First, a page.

Asked for an opinion on the proposed raise schedule, District 7 Justice Jenna Scott noted the county has several “underpaid” employees — namely sheriff’s deputies, dispatchers and jailers — working in “horrible conditions.” Those employees, she opined, should receive a larger percentage than others. “We have high turnover in those areas, and if we don’t do something we’re going to continue having to spend money on training those high-turnover positions,” Scott said.

Conflicts and lame ducks

There are two potential conflicts of interest among members of the court regarding a vote on raises.

Justice Tracy Rider will be sworn in as the county clerk come Jan. 1, 2023, so a vote from Rider as a justice means a vote for or against her future salary. Likewise, a vote for or against a raise from outgoing Justice Ricky Arnold would affect the salary of his spouse, Treasurer Karen Arnold.

Ricky Arnold said he discussed the potential conflict with the Arkansas Association of Counties in previous years and determined he should not recuse himself from a vote concerning pay raises. “Considering the number of employees the county has, I will vote for a raise for all county employees,” he said, adding that he would not vote if Karen’s salary was the lone salary up for vote.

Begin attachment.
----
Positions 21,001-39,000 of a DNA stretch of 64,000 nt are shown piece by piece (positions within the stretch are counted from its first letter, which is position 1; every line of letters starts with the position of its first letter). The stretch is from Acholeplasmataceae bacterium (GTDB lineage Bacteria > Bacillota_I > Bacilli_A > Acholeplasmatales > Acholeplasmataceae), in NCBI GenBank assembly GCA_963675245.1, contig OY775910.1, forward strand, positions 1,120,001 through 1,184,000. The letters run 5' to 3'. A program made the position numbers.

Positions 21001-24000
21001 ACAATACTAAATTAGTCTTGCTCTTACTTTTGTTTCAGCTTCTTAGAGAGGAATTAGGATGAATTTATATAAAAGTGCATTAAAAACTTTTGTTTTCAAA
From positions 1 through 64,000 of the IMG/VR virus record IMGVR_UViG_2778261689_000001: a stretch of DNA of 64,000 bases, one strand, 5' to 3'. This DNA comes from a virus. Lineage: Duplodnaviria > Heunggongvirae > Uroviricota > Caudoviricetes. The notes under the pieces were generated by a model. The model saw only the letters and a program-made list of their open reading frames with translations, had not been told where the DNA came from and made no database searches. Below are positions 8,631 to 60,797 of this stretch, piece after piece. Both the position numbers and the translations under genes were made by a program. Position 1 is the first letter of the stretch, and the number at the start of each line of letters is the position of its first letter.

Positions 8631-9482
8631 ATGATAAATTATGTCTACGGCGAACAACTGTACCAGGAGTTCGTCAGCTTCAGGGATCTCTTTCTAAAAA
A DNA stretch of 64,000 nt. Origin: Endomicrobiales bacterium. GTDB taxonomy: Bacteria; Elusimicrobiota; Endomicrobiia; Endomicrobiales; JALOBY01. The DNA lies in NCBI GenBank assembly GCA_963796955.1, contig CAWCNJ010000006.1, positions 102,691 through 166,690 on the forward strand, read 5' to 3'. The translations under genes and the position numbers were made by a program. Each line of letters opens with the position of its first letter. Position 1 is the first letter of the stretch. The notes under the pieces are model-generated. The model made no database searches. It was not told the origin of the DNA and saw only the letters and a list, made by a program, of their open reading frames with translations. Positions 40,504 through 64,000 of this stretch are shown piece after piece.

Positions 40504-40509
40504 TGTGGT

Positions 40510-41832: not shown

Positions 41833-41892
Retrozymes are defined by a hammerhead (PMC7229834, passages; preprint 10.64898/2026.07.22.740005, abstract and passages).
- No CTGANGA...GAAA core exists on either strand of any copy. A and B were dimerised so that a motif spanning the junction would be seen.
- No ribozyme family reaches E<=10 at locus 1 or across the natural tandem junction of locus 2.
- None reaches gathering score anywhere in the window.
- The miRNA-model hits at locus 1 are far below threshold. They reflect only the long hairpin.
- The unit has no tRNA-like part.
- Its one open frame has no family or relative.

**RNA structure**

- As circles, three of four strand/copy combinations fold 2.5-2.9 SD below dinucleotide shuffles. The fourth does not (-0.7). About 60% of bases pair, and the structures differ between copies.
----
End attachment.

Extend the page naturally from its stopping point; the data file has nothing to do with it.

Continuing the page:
The December meeting will mark the last for Rider and Arnold, as well as outgoing justices Tom Calhoon, Darrin “Spud” Buscher and Austin King.

Pay remains stagnant for JPs

Clark County justices earn $200 per meeting and will continue to do so despite a cry from District 4 Justice Albert Neal, who in November requested his colleagues consider increasing that figure by $50. His motion to increase justices’ per diem payments died for a lack of a second.